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Amazon Faces UK Antitrust Class Action For Algorithm Abuse

 |  October 20, 2022

Amazon is facing a $1 billion class action lawsuit in the UK, where the company has been accused of using a “secretive” algorithm to abuse its dominant position in e-commerce.

Amazon harms its customers by directing them to its “featured offer,” resulting in better-value deals being hidden and consumers ending up paying more for products, according to the suit, which is expected to be filed with the Competition Appeal Tribunal in October.

The suit alleges Amazon exploits its so-called “Buy Box” to steer shoppers toward its own products and items from third-party sellers who use its order fulfillment and delivery services.

Related: Italian Court Overturns Apple & Amazon’s Antitrust Fine

The Buy Box is an area on Amazon’s product pages that gives customers a one-click option to “Buy Now” or “Add to Basket.” Amazon sets certain criteria for sellers to become Buy Box eligible and, if accepted, they gain placement advantages for their listings.

It adds that Amazon uses a “secretive and self-favouring algorithm to ensure that the Buy Box nearly always features goods sold directly by Amazon itself, or by third-party retailers who pay hefty storage and delivery fees to Amazon.”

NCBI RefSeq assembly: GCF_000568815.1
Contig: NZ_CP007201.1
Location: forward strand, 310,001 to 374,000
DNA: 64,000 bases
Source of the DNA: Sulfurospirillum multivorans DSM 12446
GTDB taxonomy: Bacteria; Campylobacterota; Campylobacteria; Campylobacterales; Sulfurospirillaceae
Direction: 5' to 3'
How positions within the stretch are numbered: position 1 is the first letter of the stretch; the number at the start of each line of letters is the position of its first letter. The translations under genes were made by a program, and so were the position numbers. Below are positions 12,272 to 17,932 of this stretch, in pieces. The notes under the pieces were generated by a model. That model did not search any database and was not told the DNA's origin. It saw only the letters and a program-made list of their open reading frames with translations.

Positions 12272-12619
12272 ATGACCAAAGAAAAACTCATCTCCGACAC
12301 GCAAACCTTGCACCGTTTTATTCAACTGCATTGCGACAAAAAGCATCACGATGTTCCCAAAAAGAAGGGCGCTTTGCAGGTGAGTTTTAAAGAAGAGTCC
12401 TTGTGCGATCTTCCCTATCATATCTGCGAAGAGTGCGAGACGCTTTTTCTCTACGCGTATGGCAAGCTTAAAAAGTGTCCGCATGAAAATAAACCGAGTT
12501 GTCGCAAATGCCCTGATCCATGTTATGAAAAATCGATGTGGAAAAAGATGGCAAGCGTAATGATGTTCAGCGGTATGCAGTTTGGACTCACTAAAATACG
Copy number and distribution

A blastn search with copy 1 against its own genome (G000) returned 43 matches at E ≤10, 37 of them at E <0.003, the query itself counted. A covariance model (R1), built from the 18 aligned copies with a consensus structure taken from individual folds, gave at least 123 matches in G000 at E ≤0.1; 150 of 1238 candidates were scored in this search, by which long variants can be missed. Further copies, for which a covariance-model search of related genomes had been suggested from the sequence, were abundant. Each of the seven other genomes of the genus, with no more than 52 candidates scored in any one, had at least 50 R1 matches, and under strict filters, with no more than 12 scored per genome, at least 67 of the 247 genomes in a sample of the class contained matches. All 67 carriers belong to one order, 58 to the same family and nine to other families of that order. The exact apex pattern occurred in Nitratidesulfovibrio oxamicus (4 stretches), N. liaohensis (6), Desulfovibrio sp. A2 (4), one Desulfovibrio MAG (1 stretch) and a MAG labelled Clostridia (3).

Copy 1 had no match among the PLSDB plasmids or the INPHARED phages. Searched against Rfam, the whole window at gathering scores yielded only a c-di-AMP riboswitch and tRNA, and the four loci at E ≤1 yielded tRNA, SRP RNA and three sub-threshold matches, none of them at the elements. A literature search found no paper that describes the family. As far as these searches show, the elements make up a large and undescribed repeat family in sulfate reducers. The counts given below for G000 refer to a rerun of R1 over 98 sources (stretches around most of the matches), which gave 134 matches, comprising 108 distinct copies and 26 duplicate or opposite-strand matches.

The litigation is being led by Hausfeld, a specialist law firm. Between 80% to 92% of Amazon purchases are made on its Buy Box tool, according to Hausfeld.

Anyone who lives in the U.K. and made a purchase on Amazon since October 2016 falls under the claimant class, Hausfeld added.

Hausfeld estimates total damages from the litigation in the region of £900 million ($1 billion) if it succeeds. Julie Hunter, an independent consultant, is the lead representative.

“Millions of consumers have paid too much and been denied choice. This action seeks fair redress for them,” said Lesley Hannah, one of the Hausfeld partners leading the litigation. “Amazon takes advantage of consumers’ well-known tendency to focus on prominently-placed and eye-catching displays, such as the Buy Box.”

“Amazon doesn’t present consumers with a fair range of choices – on the contrary, the design of the Buy Box makes it difficult for consumers to locate and purchase better or cheaper options,” Hannah added. “Amazon should not be allowed to take advantage of its customers in this anticompetitive way.”